Later, Chae-yoon innocuously asks Park-po about the going rate of rice paddies these days. Park-po is wondering what I’m wondering – is he asking about these things for a woman? We know that his ideal life is also a simple one from the visions he’s had. Chae-yoon deflects, and then as he sees So-yi coming from the road he adorably runs and hides.

So-yi has come to see Chae-yoon, but Park-po turns her away (I get the feeling she’s very sure he’s lying and that Chae-yoon is inside). She gives him a letter instead, and as she’s leaving Chae-yoon pokes his head out to think that this is all for the best. There’s no Ddol-bok anymore, and Dam should live as So-yi. Nooo!

It’s no secret that the Hangul Room is going to be opened tomorrow, and everyone is preparing to either enter it (everyone not in on the project) or to get information out of it (everyone in on the project). Sejong displays some teamwork by helping his court ladies shuffle out old papers from storage. So-yi, meanwhile, is committing everything to memory.

That is a handy tool to have, when you think about it. Considering that they’re very aware of their paper trail, So-yi is like a portable Joseon hard drive and is perfect for times like these.

Prince Gwangpyeong, Sejong’s fifth son, has been stepping up to the plate recently (considering that he seems to be the only son in on his father’s project). He’s going to help his father with this elaborate bait-and-switch…

…Using the Queen’s palanquin? Queen Soheon?! Where have you been? We don’t see her, and haven’t seen her since Sejong’s early days, but it seems like she’s still alive. Historically, Queen Soheon died the same year that Sejong published the document containing Hangul – so it’s nice to know she’s still around.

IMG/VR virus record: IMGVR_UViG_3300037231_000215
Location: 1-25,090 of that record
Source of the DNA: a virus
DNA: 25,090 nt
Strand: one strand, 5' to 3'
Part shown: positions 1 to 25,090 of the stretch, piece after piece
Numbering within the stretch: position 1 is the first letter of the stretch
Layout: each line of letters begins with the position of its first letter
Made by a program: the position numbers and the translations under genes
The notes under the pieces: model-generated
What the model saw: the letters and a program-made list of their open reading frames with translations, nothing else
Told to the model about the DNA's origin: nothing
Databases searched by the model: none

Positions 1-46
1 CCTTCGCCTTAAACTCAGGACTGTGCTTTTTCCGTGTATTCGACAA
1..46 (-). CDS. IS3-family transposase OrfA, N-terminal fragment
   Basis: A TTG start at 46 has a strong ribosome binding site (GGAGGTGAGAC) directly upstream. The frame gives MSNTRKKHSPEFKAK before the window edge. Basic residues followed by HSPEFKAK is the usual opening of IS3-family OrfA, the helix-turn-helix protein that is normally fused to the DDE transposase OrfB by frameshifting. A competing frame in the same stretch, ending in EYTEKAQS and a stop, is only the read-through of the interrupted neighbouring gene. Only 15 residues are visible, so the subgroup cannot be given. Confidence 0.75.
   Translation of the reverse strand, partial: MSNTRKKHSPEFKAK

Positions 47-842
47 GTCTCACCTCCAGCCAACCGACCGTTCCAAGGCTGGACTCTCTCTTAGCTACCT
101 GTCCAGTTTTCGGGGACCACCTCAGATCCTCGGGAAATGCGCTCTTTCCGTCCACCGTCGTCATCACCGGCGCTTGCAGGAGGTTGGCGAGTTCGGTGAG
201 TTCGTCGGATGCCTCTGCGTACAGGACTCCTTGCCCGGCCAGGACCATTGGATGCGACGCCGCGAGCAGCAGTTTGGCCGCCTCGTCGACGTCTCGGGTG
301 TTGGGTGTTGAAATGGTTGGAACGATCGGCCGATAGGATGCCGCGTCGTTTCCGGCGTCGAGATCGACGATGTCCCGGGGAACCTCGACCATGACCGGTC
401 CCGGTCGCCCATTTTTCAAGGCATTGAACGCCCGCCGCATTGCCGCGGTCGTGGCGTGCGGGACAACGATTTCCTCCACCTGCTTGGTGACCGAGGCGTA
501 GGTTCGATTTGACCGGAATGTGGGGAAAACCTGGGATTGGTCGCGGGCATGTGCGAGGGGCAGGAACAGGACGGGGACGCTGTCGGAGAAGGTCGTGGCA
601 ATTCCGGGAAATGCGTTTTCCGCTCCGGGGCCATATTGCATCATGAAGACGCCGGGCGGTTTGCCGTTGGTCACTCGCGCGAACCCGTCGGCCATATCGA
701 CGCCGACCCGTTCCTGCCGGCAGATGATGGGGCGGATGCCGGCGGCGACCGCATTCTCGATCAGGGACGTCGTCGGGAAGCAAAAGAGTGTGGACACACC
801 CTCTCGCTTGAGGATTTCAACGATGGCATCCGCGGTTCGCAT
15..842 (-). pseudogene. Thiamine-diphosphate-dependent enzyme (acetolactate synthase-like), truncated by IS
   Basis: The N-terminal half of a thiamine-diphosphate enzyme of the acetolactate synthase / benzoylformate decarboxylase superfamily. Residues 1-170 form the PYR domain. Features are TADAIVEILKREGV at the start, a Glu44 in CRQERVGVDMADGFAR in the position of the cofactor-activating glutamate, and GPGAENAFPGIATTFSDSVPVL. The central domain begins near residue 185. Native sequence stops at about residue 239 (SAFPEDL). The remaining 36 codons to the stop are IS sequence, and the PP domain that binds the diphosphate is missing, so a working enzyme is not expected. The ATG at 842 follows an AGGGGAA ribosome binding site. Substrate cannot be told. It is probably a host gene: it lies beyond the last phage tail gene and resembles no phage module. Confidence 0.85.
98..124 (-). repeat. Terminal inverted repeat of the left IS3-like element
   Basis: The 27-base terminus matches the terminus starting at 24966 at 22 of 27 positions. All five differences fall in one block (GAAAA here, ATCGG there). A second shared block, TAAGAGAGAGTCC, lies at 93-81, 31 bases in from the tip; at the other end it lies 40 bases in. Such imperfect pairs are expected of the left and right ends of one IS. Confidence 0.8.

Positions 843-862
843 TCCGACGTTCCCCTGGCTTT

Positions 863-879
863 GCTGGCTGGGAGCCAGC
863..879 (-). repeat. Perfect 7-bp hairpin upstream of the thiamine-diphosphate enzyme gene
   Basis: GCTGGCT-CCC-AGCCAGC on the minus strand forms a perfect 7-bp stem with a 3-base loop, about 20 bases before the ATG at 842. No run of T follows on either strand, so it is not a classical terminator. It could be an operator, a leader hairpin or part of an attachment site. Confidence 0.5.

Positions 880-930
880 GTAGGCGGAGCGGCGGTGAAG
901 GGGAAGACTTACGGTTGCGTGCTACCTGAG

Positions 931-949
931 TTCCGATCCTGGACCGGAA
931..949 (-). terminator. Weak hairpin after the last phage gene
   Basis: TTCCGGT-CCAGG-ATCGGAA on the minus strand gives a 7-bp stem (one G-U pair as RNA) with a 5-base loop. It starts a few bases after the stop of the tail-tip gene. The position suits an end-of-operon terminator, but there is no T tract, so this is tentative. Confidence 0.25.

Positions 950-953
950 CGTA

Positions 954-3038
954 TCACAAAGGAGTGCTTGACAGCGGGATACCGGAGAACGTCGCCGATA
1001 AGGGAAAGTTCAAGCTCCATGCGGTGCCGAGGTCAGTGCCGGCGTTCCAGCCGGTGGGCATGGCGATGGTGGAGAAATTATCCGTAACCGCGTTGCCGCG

Chae-yoon reads So-yi’s letter as he’s all dressed up for a long journey. She wants him to meet her at five in the morning at the paper-making office, but he seems to have no plans to go. He says there’s no Ddol-bok anymore, and that if he sees Dam, he won’t be able to leave. In a bit of meta, he wonders why he’s talking aloud to himself. Ha! He’s left letters for Park-po and Cho-tak, and it seems like he’s preparing to leave for good. Something tells me that won’t be as easy as you hope, Chae-yoon.

Sejong’s sent out two palanquins, each to a prince’s house, and at each house they’re overtaken by Hidden Root’s secret soldiers. Shim Jong-soo has severely underestimated Sejong, as he finds that both palanquins were completely empty. He decides to reroute his forces to the paper-making office, since Sejong has ordered double the amount of paper for tomorrow (probably for So-yi to transcribe everything that she memorized).

So-yi is working closely with Prince Gwangpyeong on this pseudo-heist (okay, they’re not stealing anything, but it’s so orchestrated it seems like a heist), and reports Hidden Root’s movements to him. He’s pleased that they’ve fallen into his trap.

It’s five in the morning, and So-yi is outside of the paper-making office with Prince Gwangpyeong and the real cart of data spirited away from the Hangul Room. This is exactly where she told Chae-yoon to meet her, and she seems to be looking for him in earnest while he stays hiding around a corner, watching her.